My favourite example of this was when I read an article about the link between Berberine and the uptake of Irinotecan. Berberine is found in plants, including Goldenseal, which is fairly readily available in health food stores. Irinotecan was one of the chemotherapy drugs used in my first line treatment, as a part of a protocol of drugs known as FOLFIRI with Avastin. Through my extensive evening of google searches, I learned that Berberine has been, in a few studies, proven to increase the uptake of Irinotecan in the body. I called my colorectal care coordination nurse with the exciting news of Berberine’s exceptional properties, asking if I could take it. I got a returned phone call the next day, with her stating in a patient, bemused flat tone of voice: ‘I asked Y — [my oncologist] about it. He said no. The Irinotecan is working well enough as it is. If there’s more being taken up by your liver, it will damage it.’ There was a similar conversation around aspirin which, though may have some evidence of preventing recurrences of tumours in the bowel, is also a blood thinner which is problematic when taking drugs that break down small veins. They did consent to me taking an extra dose of Vitamin D and probiotics, patiently explaining that there was not enough clinical evidence to support them as definitely helpful, but they weren’t going to harm me.

My partner has an excellent line she would give me, when, earlier in treatment, I was more eagerly grabbing at straws. She would explain that my oncologist, with his years of study and dedication, was more likely to have read and understood these journal articles than I, and if it would help, he would have put me on those drugs. My oncologist and medical team are endlessly generous with their time, and have done everything they can to keep an extremely anxious person like myself as close to stable as possible. That is almost a full time job in and of itself, without the balancing act of surgeries, chemotherapy protocols, and radiation. Cancer treatment is largely passive: you do what you are told, when you are told. I take advice painfully, literally sometimes – my surgeon told me to go for a walk every day to get fit, so I started an intensive cardiac programme with an exercise physiologist.

It’s often said that cancer is a mental battle as much as a physical one. I think this is particularly true for those of us with poor prognosis. You are bargaining your life, each day, on the words that your doctors tell you. There is no choice but to trust them. I have sympathy for those people who, out of desperation and perhaps without the scientific literacy to discern between evidence and someone’s decision to start living off green juices painted as a cure, go down these strange paths of alternative cures.

It is also important to remember how outright unpleasant cancer treatment can be. When I see, yet again, another voice deriding someone’s decision to eschew medicine for CAM, I wonder for a moment how they presume to understand what it is to be told that you have cancer. Not a friend. Not a family member. To be told, yourself, that you have cancer. I found out the tumours in my liver were secondary bowel tumours while sitting in an overstuffed lounge chair in my apartment. My liver specialist called me late one afternoon, hoping my partner would be there so I wouldn’t be on my own. Sadly, I was alone. She gently asked me if I was sitting down, and I knew that whatever they had found, the news was bad. I swore and broke down into tears, and couldn’t speak as she explained the next steps, the beginning of the rest of my life as a person with advanced, incurable cancer. I wonder how they presume to understand treatment, as your hair falls out, and your life is suspended, scan to scan, waiting to see if the chemotherapy is working. The idea that there is a solution in a simple set of rules that you have chosen, that you feel you understand, is a tempting, empty promise.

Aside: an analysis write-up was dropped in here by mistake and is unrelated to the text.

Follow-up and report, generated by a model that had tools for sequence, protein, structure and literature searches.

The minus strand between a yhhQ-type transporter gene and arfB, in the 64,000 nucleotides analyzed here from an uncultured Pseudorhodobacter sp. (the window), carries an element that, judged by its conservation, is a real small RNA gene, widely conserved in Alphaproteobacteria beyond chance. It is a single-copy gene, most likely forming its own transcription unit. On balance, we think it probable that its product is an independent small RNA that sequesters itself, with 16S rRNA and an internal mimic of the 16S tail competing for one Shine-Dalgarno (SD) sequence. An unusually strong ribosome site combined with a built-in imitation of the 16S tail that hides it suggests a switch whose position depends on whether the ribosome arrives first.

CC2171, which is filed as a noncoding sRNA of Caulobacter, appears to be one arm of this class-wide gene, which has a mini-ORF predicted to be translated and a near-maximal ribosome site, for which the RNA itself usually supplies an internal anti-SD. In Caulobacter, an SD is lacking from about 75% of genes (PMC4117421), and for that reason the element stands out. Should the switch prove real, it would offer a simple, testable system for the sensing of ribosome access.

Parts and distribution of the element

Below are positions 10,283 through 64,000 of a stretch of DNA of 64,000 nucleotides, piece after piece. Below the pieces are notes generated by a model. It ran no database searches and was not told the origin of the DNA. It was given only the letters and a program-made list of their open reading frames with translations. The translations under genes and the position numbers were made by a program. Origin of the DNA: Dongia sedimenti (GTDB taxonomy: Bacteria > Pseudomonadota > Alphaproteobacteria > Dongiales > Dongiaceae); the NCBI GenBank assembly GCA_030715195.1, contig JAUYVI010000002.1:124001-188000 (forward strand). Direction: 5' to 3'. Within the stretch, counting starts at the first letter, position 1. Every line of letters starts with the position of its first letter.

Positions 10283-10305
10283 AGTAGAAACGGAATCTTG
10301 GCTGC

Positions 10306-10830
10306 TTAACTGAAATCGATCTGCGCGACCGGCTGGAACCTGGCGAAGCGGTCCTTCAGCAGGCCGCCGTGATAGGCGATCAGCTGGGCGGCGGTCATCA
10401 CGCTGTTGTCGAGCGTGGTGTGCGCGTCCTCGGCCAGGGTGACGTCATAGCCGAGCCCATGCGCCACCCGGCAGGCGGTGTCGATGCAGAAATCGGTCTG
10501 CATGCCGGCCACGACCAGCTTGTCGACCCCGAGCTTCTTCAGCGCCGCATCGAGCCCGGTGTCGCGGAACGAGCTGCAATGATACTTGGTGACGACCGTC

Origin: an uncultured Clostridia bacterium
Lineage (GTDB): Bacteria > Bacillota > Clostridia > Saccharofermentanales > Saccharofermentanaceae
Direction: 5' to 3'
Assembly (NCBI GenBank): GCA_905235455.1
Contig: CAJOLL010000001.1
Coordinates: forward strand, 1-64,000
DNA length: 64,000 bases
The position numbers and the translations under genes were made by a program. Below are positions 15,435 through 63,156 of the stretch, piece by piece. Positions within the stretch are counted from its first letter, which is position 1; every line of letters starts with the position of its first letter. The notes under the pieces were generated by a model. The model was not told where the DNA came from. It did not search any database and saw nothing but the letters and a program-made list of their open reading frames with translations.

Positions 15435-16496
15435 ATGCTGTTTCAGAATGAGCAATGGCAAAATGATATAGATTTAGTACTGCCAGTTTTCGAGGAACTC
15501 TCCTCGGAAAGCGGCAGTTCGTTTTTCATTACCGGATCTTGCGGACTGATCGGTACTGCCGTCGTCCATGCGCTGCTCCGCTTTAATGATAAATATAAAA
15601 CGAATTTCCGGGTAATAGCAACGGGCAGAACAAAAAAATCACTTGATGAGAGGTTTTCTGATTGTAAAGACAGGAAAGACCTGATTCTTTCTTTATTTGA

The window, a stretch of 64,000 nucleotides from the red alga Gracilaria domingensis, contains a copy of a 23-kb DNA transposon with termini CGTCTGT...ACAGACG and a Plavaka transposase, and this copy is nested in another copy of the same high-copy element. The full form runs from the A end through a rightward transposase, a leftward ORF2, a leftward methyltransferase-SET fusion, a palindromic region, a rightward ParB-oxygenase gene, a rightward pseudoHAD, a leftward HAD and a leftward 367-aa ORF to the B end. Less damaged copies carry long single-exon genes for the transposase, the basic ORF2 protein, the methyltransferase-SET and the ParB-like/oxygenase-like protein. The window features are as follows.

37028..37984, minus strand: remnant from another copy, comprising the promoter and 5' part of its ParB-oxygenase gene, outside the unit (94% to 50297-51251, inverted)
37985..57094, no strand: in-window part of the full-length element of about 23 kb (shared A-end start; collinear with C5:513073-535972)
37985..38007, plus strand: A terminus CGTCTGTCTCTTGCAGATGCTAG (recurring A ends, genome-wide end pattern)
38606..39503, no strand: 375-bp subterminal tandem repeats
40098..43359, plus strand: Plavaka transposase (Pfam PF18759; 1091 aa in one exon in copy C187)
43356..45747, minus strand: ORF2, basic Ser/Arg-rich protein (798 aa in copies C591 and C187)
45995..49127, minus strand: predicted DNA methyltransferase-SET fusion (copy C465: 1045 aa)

Unless you have sat in that place, and had the life sentence of cancer handed down, there is no way you can understand how it feels. I sat in my oncology appointment as a kind, softly spoken man told me that they couldn’t promise me I would be alive in two years. He showed me images of my strange, vile body, my internal organs lighting up like sick Christmas trees from the cancer in the scan. He told me that a scan found spots scattered extensively throughout both of my lungs, presumed cancer. And he outlined what the next two years of my life would look like. I had a port inserted in my chest, with a tube running into my heart to pump the chemotherapy through me without needing to access the veins on my arms. I had 12 cycles – which is 6 months – of fortnightly chemotherapy. I had a fever that lasted for months, and have had countless visits to the emergency room. The radiation on my pelvis has left me with a burn that blistered on my backside, and swung me into a medically induced menopause. Most of my liver is being re-sected, my rectum removed, and I will be defecating into a bag for the next six months while I endure more chemotherapy. My cancer is a life sentence. Treatment is unlikely to stop, and I’ll probably remain on chemotherapy at a low dose for the rest of my life. My chances of living five years are very, very slim.

When an article in a major newspaper, or a recently published book suggests that there is another way, there is suddenly hope that there is an easy way out of this treatment cycle of hell. ‘Cancer can be cured with juice and coffee enemas and beach yoga and acupuncture and Chinese herbs.’ A newspaper feels like an authority. A book published by a major publishing house, even more so. There’s a strange and sadly incorrect assumption that the media has the public’s best interests at heart, rather than a desire to tell the best, most fantastic story and to earn as many clicks on their website as possible. Publishing companies don’t care about treating cancer.They care about sales. The fact that Bella Gibson’s apparent cancer story was never really investigated, despite the many inconsistencies regarding how cancer operates and the photos of her body which is blissfully free of the scars it would carry if she’d had major heart surgery clearly indicates that the publishing world doesn’t have an interest in providing medical assistance to sick people. It is easy to forget this when you are desperate for any solution, any sort of hope, that one day you will not have cancer. It is easy to believe the lies, under a sad and broken veil of hope.